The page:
Those old enough to remember the labour relations environment in the 1980’s will remember the emergence of Recognition Agreements. The then Labour Relations Act had no codification of trade union rights, or what we today refer to as ‘organisational rights’. Way back then, emerging trade unions had to attempt to strong arm employers into ‘recognising’ them, and in so doing, grant the trade union stop-order, access, and shop steward rights.
And if union representation grew to majority representation, collective bargaining rights would be included in the Recognition Agreement.
It’s not far off the mark to say that prior to our current 1995 Labour Relations Act, trade unions entered into Recognition Agreements with employers, on the back of their significant membership numbers, and negotiating prowess.
Cue the introduction of the 1995 Labour Relations Act which simplified, and more importantly codified, the granting of trade union (organisational) rights, in obligating employers to extend such rights to trade unions, if they reached certain membership thresholds.
So, the notion of employers ‘recognising’ trade unions, at least for the purposes of trade union rights, fell away. The threshold of ‘sufficient representation’ was born, and any trade union which now acquires ‘sufficient representation’ in a workplace, is automatically entitled to the trade union organisational rights associated with sufficient representation, namely (1) access to the employer’s workplace (section 12 of the LRA) and (2) the obligation of employers to deduct and pay over union membership subscriptions monthly (section 13 of the LRA).
Trade unions were no longer required to be recognised by employers for these rights, as they were an automatic consequence of the union having membership which met, or exceeded, the sufficient representation threshold. However, the ‘sufficient representation threshold’ was not defined, at least not in percentage terms. What initially became apparent, for various reasons, was that sufficient representation was in the region of 30% of all eligible union members, with eligible union members being all employees, excluding senior management.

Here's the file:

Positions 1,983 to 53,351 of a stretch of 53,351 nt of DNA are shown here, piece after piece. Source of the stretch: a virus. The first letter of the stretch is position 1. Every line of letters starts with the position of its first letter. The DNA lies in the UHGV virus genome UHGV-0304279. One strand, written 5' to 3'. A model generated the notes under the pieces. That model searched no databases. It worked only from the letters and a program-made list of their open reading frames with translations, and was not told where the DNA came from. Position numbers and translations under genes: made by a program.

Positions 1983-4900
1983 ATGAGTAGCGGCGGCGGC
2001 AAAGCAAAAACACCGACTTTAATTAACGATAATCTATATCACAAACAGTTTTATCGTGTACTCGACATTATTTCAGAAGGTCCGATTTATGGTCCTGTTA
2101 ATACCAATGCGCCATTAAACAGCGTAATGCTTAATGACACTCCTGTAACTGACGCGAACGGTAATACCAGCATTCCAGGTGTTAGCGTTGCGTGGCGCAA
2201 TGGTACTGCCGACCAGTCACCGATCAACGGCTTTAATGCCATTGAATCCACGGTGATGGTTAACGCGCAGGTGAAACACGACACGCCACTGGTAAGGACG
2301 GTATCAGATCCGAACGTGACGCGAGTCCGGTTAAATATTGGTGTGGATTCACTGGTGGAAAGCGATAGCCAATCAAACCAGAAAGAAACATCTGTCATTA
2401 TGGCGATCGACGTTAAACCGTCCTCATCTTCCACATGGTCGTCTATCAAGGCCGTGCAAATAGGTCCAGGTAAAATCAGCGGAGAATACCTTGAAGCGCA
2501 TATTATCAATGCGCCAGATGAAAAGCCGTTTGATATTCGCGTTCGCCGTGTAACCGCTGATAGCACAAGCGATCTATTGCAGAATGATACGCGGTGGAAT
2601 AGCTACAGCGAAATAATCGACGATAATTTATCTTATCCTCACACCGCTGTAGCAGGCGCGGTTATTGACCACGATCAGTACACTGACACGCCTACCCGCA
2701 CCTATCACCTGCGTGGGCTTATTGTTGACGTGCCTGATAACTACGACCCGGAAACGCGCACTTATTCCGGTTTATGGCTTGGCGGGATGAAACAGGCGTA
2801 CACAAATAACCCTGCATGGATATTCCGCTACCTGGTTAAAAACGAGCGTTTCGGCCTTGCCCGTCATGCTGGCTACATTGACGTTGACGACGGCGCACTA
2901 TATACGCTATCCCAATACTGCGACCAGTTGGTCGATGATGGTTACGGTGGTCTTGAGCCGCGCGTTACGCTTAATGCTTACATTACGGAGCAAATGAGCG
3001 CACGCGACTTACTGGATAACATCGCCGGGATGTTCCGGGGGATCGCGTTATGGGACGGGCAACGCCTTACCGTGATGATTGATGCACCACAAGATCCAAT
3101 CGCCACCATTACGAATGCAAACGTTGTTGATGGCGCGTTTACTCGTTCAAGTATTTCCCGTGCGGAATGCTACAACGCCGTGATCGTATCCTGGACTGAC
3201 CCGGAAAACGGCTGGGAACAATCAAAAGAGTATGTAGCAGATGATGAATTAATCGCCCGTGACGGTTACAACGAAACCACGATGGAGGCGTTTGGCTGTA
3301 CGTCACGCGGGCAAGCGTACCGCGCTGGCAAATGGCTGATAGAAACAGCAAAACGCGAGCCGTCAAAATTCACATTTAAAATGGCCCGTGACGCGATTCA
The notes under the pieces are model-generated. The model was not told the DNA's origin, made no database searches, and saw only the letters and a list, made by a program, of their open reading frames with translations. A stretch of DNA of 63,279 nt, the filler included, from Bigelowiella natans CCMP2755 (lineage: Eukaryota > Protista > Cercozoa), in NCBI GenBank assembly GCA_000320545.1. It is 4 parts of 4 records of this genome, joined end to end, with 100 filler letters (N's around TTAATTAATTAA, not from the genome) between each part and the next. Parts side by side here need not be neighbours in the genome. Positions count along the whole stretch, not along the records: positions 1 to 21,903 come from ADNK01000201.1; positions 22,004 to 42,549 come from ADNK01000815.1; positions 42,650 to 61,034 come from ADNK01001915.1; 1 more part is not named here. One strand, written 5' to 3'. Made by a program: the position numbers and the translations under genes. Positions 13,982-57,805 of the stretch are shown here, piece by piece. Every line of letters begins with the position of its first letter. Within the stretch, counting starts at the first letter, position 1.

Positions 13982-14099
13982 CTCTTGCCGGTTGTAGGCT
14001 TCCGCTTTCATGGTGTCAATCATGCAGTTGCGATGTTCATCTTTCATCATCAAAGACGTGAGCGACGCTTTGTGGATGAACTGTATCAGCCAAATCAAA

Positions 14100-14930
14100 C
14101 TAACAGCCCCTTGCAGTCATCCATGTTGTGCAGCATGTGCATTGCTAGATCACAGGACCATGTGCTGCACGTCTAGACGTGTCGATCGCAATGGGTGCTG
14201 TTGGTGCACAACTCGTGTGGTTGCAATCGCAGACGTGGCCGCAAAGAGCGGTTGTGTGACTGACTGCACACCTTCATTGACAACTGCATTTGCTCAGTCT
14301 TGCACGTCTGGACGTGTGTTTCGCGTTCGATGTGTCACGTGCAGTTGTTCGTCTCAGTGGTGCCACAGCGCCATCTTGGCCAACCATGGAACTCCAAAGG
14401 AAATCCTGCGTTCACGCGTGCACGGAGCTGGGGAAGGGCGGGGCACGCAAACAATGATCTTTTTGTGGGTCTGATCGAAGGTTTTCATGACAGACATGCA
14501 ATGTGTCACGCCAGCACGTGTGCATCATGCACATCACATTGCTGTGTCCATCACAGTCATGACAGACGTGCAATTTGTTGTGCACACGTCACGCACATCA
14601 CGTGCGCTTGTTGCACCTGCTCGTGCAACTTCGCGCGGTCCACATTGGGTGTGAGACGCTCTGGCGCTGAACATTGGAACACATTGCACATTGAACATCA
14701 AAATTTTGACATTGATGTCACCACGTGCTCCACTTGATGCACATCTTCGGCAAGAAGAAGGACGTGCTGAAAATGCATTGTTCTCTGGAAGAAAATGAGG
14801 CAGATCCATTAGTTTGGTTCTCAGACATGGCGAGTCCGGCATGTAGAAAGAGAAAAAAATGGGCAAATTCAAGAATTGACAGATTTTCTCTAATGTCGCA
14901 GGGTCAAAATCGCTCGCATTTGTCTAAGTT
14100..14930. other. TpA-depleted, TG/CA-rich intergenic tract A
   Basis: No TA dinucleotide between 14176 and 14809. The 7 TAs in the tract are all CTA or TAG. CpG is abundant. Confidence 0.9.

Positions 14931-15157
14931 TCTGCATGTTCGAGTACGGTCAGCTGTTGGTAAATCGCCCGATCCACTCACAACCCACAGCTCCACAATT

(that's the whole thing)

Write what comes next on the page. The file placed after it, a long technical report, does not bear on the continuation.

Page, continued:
Since 1995, statutory amendments to the Labour Relations Act, pre-empted by evolving case law, has, in certain circumstances, lowered the sufficient representation to less than 30%.
The second union membership threshold dealt with in the Labour Relations Act, for purposes relating to trade union, organisational rights, is majority union representation, often described to be 50% plus one member within the ranks of eligible union members.
Once a trade union acquires majority representation, two further trade union, organisational rights, kick in, namely the right to appoint shop stewards (referred to as trade union representatives in the LRA) in terms of sections 14 and 15 of the Labour Relations Act, and the right to information disclosure, in terms of section 16 of the Labour Relations Act.
In practice, there are occasionally squabbles between employers and trade unions over the verification of actual trade union membership with the ranks of eligible union members, although disputes of this nature are typically short-lived.
So how does collective bargaining fit into this scenario. Well, it could be argued that there is still some degree of ‘recognition’ of trade unions, when it comes to collective (wage) bargaining. It has become, wisely, a norm for employers to agree to enter into collective bargaining arrangements with unions which acquire majority representation, even though there is no duty to bargaining in our law, per se.
Over time, collective recognition agreements are being phased out, as trade unions no longer require employers to recognise them for trade union, organisational rights, as these rights have been codified in the Labour Relations Act, once sufficient and/or majority representation has been achieved and verified.
The trend nowadays, is to conclude separate organisational rights and collective bargaining agreements. This makes sense on many levels. To begin with, organisational rights and collective bargaining rights, are fundamentally different, and unrelated. There is no logical reason why they should stand together in the same collective agreement.
Secondly, in the separate agreements scenario, an organisational rights agreement can persist in the event that a trade union loses majority representation. If both organisational and collective bargaining rights were both contained in a single collective agreement, a new collective agreement would need to be concluded, even though the union may none the less retain a level of sufficient representation.
Our anecdotal observations of organisational rights and collective bargaining agreements is that they are not regularly reviewed to reflect renewed best practice over time. Indeed, this is perhaps even more pertinent to disciplinary procedures and codes.